In my second YA "Author" blog- I talk about crises, and how students' deal with them. I do invite new readers to check some of my older blog entries, including my travel blog entries.
Today Rachel and I visited a holiday ice sculpture exhibit. The manger scene is pictured above. The entire exhibit was 8 degrees below Fahrenheit, and we were given parkas to borrow as part of our entry fee. Ice needs help staying cool. Many times, kids don't. The more I work with children, the more I am amazed at their ability to stay calm in any crisis.
Students have a lot to deal with on a daily basis. With school, family, after-school jobs, and other stresses constantly mounting, there is a real and valid question about what makes a "crisis". In my last entry I noted how sometimes immature students seemed to have a "crisis" every week. Yet, like all authors, when I start to picture my protagonist, I know that in order for the story to be interesting, she has to face some truly life-altering crises. In my upcoming novel School of Deaths, Suzie is forced out of her home, physically assaulted, and suffers endless trials in a new environment where she is the only girl. She encounters crises that many adults, including myself, would find totally overwhelming, but she often remains calm, at least on the surface. This is what I've seen in my own students time and time again.
I've watched students as their parents got divorced. I've seen students who lost a sibling to suicide. For three years I taught in the homes of students too sick to attend school, many with terminal illnesses. It was almost always the families who suffered the most, while the student approached their remaining time with a simple calm acknowledgement that this was their life.
This isn't to say that I haven't seen flare ups. I have. I've seen anger and frustration, and of course, I am just one teacher- and don't see everything that goes on in a students' life. However, as I watch students today, in our media-soaked world, I wonder about how they process trauma and how they deal with it at all.
The most poignant and terrifying example of crisis I've seen and experienced occurred about two months ago. As a teacher, in the back of my mind, far in the depths of that little unconscious area I don't want to acknowledge, are the realizations that events like Columbine, Sandy Hook, and dozens of other school shootings are both a reality and a daily possibility.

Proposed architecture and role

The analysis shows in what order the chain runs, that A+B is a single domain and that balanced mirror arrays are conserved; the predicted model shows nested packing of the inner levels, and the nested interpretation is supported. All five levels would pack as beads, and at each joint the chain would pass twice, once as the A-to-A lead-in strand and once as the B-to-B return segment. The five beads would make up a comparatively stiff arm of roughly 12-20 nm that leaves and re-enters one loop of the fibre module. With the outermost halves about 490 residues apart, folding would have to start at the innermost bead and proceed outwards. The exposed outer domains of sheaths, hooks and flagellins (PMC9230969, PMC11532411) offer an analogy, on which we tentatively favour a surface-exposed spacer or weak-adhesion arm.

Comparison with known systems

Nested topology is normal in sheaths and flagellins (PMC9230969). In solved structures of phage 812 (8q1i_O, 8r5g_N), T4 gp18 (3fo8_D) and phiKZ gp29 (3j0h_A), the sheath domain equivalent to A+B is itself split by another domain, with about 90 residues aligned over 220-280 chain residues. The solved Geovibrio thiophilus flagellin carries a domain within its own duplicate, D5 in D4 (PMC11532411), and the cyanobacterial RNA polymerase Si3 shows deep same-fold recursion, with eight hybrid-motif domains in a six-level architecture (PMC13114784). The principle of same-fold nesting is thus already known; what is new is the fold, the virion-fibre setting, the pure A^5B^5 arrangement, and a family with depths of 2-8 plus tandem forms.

I was in a rehearsal for our musical. I was in charge of a dozen students in my classroom, and an additional 50 students who were working in the auditorium and the outside area behind the theatre. It was our first day using any space outside, since we wanted platforms to dry in the sun. I was in my classroom with the cast.
A student burst into my room, one of my kids from the auditorium, and said "Mr. M, there's a gun threat outside." I instantly put my dozen kid into lockdown mode, then with my heart pounding I ran to the auditorium. They'd already closed the outside door, so we quickly locked down the remaining ten doors, and I sat huddled with the students on a ramp, not knowing what was going on for fifteen minutes. Most frightening of all was the knowledge that a dozen other kids were huddled in the darkened and locked back of my classroom. As we sat here huddled in silence, someone started banging on one of the auditorium doors. Every bang made my heart skip a beat. Finally the banging stopped. After the fifteen minutes, a janitor came in and told us it was over. It was without a doubt the most frightening experience of my life.
We found out after the event that a girl had called her boyfriend (not a student) to come and shoot some of the members of the football team. Whether or not there was ever an actual gun is still unclear (the authorities deny it), though I have five unrelated students in sports clubs who say that they saw one. The sports teams all evacuated, and we went into lockdown, but the suspects fled. I still do not know who banged on the auditorium doors.
Half an hour after this event had ended, I had a scheduled "drama parents' night". It was a meeting to gain more support for parents in Drama. I was a mess. I was shaking, could barely talk, and had just got off the phone with Rachel (my fiancee). I had been so scared. It was my students who really stood out. During the event they remained completely calm. After it was over, they were laughing and smiling, as if nothing at all had happened. I asked one girl how she could be so calm, and she said "It's over now- what's the point of thinking about it? I just want some pizza."
That remark seemed so out of place at the time, yet to a teenager who can shoot strangers every night in video games, or watch the news about yet another actual shooting, maybe "crisis" means something different than it does to an adult....